At 15 I went to the Gnessinsky Music College in Moscow where I wrote my first formal composition, a series of short Prokofiev-like pieces for piano. Then at 19 I went to the Moscow Tchaikovsky Conservatory for five years majoring in composition but also giving two or three piano recitals a year, studying the history of music and analysing harmony and polyphony. I had five unbelievable, fun and intense years there, it was great. ‘I wouldn’t be a composer if I didn’t have a good teacher – he inspired me – and that’s a rare thing.
How did you then come to London?
Well it was love actually. At 19, I fell in love with, and married, a young Ukrainian whose family had emigrated to the US and then come to Moscow where they met at a party. He worked for various government agencies, but life was politically tough in Moscow and so he found a new job which just happened to be in London. Of course, I wanted to go with him, but I was still studying so we were separated for two years. Finally, I came here in 1999, without a word of English, but I knew I had to study, or I thought I would go mad. I applied to lots of colleges and was offered a place at the Royal College of Music where I studied with Julian Anderson and did a Masters. There I learned lots of contemporary music and techniques which, added to my solid classical Russian musical background, gave me a great breadth of knowledge and experience. I then went on to study for a PhD at the Royal Academy of Music and it was while I was studying there that I was appointed as Jerwood Composer in Association with London’s Almeida Theatre and began collaborating with other artists including the poet Glyn Maxwell – who incidentally read The Dong with Luminous Nose at my birthday party recently.
How did this new commission come about?
Elena Dubinets who used to run the Seattle Symphony and is now the Artistic Director of the LPO, heard my opera Figaro gets a Divorce which had been staged by WNO in 2016, and approached me to ask if I would write a suite based on this opera. I did this and it was premiered in Seattle three years ago. It also became popular with other orchestras so Dubinets came back to me and asked me to write a new piece for choir and orchestra. I’d used chorus in my operetta but never written in a concert context for a choir – it’s completely different so I had to think carefully about what kind of text to use. Religious texts didn’t resonate with me and if you choose a poem and set it for a big chorus something is lost so I realised I needed a story, for it to be a little opera for chorus. That’s when I had my moment on the bench and thought of The Dong with the Luminous Nose.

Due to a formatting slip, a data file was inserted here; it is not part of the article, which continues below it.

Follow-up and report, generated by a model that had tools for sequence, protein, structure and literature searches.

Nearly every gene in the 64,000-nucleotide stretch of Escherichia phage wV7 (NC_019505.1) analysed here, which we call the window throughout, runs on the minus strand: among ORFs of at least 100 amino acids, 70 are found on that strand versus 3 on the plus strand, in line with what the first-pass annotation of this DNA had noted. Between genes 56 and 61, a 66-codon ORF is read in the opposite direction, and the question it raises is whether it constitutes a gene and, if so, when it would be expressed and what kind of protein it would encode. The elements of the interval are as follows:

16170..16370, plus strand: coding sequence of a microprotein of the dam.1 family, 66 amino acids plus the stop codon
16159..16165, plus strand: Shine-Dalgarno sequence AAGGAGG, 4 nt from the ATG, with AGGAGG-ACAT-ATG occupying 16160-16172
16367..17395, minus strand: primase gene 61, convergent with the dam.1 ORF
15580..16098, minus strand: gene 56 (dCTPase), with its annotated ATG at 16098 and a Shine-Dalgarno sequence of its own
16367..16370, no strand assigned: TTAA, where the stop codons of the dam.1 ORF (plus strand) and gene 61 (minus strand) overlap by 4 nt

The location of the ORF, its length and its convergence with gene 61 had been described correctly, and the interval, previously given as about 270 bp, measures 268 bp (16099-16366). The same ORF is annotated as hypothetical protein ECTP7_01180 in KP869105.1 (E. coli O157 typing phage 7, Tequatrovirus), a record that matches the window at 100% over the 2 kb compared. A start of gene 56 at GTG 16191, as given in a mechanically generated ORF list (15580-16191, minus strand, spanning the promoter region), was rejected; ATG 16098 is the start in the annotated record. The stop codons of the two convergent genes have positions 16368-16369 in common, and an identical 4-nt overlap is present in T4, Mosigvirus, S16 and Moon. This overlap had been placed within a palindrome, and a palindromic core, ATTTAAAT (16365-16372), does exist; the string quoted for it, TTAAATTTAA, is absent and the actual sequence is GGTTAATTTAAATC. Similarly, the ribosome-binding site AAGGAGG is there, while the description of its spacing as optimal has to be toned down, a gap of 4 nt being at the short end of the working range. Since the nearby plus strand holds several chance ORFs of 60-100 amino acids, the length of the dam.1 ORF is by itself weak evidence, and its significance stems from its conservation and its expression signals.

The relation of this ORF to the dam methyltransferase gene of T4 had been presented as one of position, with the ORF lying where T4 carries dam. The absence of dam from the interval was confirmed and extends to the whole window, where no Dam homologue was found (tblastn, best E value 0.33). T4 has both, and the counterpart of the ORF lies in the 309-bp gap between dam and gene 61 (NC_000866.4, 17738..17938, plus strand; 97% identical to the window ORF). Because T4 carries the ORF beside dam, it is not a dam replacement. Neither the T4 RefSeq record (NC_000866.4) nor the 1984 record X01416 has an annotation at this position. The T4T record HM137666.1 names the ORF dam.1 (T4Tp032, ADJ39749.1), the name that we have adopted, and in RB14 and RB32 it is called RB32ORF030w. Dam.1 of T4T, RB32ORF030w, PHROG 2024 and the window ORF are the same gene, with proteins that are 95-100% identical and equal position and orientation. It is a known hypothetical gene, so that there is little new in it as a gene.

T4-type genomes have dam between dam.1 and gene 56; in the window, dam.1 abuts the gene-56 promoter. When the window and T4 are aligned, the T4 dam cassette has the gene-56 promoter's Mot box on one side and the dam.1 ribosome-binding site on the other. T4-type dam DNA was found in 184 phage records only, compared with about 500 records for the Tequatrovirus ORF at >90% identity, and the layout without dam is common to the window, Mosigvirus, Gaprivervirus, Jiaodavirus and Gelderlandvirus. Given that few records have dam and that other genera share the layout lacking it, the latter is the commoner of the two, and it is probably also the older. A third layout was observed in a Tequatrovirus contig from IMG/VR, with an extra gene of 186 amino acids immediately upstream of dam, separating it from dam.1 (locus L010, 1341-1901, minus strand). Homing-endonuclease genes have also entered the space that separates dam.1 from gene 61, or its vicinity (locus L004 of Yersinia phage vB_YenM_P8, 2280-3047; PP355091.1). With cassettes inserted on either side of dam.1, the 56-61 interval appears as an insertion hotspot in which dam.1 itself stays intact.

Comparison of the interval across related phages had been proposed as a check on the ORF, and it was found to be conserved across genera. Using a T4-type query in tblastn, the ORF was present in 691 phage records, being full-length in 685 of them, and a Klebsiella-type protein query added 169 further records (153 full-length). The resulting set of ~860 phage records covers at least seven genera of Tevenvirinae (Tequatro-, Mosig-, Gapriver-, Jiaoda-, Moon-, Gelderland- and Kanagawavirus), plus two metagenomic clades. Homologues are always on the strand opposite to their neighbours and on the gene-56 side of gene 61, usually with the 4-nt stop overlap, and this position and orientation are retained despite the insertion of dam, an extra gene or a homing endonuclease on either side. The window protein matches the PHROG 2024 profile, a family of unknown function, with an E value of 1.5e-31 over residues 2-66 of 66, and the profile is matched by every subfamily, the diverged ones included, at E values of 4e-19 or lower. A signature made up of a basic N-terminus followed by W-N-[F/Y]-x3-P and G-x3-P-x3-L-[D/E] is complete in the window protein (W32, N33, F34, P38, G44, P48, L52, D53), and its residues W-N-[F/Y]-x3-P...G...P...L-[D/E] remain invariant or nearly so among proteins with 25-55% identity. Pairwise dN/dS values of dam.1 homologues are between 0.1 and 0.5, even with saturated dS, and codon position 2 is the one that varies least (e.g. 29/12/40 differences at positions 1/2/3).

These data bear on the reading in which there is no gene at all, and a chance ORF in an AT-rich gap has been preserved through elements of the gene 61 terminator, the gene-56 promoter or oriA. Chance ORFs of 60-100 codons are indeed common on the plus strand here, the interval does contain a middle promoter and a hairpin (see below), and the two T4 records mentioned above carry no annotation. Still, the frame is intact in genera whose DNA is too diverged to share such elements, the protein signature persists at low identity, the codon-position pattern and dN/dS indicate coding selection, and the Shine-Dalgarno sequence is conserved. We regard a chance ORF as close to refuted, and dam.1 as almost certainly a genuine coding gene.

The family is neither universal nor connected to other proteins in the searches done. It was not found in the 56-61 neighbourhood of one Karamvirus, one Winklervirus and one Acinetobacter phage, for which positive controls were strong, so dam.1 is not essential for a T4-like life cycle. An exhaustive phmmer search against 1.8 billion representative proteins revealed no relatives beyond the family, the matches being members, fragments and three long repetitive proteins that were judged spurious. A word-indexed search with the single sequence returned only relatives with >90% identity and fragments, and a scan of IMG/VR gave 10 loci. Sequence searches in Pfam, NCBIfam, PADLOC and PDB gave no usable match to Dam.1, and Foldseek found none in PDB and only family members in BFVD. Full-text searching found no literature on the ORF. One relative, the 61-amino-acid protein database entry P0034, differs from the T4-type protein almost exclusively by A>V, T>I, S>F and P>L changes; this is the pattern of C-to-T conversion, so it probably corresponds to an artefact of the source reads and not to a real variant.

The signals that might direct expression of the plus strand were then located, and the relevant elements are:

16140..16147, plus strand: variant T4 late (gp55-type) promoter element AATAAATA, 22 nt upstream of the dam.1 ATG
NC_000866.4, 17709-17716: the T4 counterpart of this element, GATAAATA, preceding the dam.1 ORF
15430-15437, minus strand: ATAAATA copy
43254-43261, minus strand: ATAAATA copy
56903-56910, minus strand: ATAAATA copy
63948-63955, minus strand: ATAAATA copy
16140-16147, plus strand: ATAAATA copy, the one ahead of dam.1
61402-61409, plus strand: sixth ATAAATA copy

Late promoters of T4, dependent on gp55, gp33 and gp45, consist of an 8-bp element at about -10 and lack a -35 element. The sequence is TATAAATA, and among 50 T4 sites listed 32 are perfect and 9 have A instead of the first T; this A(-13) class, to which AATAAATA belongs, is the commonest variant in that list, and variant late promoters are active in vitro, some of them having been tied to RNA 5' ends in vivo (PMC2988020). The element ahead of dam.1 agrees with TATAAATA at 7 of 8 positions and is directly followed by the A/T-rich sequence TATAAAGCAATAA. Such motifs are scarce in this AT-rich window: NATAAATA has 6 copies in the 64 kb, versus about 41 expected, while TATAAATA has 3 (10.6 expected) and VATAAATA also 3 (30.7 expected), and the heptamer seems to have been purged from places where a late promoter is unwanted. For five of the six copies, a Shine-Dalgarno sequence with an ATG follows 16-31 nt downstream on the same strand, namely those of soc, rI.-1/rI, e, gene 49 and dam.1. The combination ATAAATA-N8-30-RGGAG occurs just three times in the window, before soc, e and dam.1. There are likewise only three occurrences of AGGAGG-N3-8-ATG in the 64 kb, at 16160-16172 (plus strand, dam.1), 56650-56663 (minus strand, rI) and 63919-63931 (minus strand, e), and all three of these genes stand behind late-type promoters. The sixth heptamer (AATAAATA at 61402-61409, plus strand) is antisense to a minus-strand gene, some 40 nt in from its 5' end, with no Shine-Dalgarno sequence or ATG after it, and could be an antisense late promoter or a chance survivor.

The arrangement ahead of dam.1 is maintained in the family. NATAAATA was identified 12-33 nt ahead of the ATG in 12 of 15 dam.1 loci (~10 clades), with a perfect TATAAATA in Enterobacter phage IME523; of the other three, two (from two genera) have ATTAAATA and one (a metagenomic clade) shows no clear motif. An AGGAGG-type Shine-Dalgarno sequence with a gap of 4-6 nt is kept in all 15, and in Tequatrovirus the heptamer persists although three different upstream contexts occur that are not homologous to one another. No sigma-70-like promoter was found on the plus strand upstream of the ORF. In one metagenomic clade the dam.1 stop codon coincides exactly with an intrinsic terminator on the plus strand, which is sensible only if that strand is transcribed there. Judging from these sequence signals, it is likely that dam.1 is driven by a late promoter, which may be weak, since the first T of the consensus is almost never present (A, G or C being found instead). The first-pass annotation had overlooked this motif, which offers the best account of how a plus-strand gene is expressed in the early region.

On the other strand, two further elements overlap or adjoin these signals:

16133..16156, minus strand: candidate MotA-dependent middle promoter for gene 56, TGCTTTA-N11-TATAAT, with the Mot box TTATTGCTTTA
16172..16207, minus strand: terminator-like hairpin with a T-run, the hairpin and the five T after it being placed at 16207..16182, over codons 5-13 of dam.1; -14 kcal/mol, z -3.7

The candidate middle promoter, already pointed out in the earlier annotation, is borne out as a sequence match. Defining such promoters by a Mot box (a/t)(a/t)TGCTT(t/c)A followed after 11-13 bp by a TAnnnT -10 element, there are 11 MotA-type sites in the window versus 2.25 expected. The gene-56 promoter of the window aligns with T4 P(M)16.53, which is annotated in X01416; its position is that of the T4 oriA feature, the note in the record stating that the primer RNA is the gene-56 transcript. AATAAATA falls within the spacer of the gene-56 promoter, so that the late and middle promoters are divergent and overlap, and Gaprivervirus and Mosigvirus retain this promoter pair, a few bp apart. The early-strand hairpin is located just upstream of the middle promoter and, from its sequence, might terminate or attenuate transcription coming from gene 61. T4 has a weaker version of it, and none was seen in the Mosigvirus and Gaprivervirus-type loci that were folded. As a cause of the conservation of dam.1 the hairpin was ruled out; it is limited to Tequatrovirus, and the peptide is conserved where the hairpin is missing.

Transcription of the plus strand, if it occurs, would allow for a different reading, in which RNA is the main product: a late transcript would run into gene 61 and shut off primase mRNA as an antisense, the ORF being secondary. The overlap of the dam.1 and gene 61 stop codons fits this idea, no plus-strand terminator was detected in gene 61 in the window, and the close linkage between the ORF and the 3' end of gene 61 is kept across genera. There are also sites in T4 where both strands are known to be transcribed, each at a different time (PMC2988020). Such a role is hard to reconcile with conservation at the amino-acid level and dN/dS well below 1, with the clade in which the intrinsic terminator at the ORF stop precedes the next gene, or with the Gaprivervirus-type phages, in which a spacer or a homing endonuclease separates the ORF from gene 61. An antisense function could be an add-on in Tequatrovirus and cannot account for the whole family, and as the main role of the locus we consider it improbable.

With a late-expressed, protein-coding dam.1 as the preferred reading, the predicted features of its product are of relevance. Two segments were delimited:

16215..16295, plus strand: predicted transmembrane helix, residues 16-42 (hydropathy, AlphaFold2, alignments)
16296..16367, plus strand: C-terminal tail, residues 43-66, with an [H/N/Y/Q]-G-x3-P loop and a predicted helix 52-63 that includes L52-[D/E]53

Dubinets had also asked me to avoid using vocal soloists for this piece as it would be too expensive and so I chose to use the cello as the solo voice and wrote it for my old friend Kristina Blaumane. Kristina is not only the passionate and brilliant principal cellist of the LPO but also a wonderful international soloist who has performed with many renowned artists and is also a keen promoter of new music. She has given a number of world premieres and several works are dedicated to her, among them cello concertos by Dobrinka Tabakova, Kristaps Pētersons, Pēteris Plakidis, Artem Vassiliev and now this wonderful new piece by Elena Langer.
The virtuoso cello solo also plays various roles in a way it might be the soul of the Dong. The Jumbly Girl has no voice in the poem, but perhaps the cello represents both her and the Dong. Sometimes the cello competes with the orchestra or has a dialogue with the chorus.
Come and hear us
Saturday 18 March 2023
7.30 pm, Royal Festival Hall
Andrey Boreyko conductor
Kristina Blaumane cello
London Philharmonic Orchestra
London Philharmonic Choir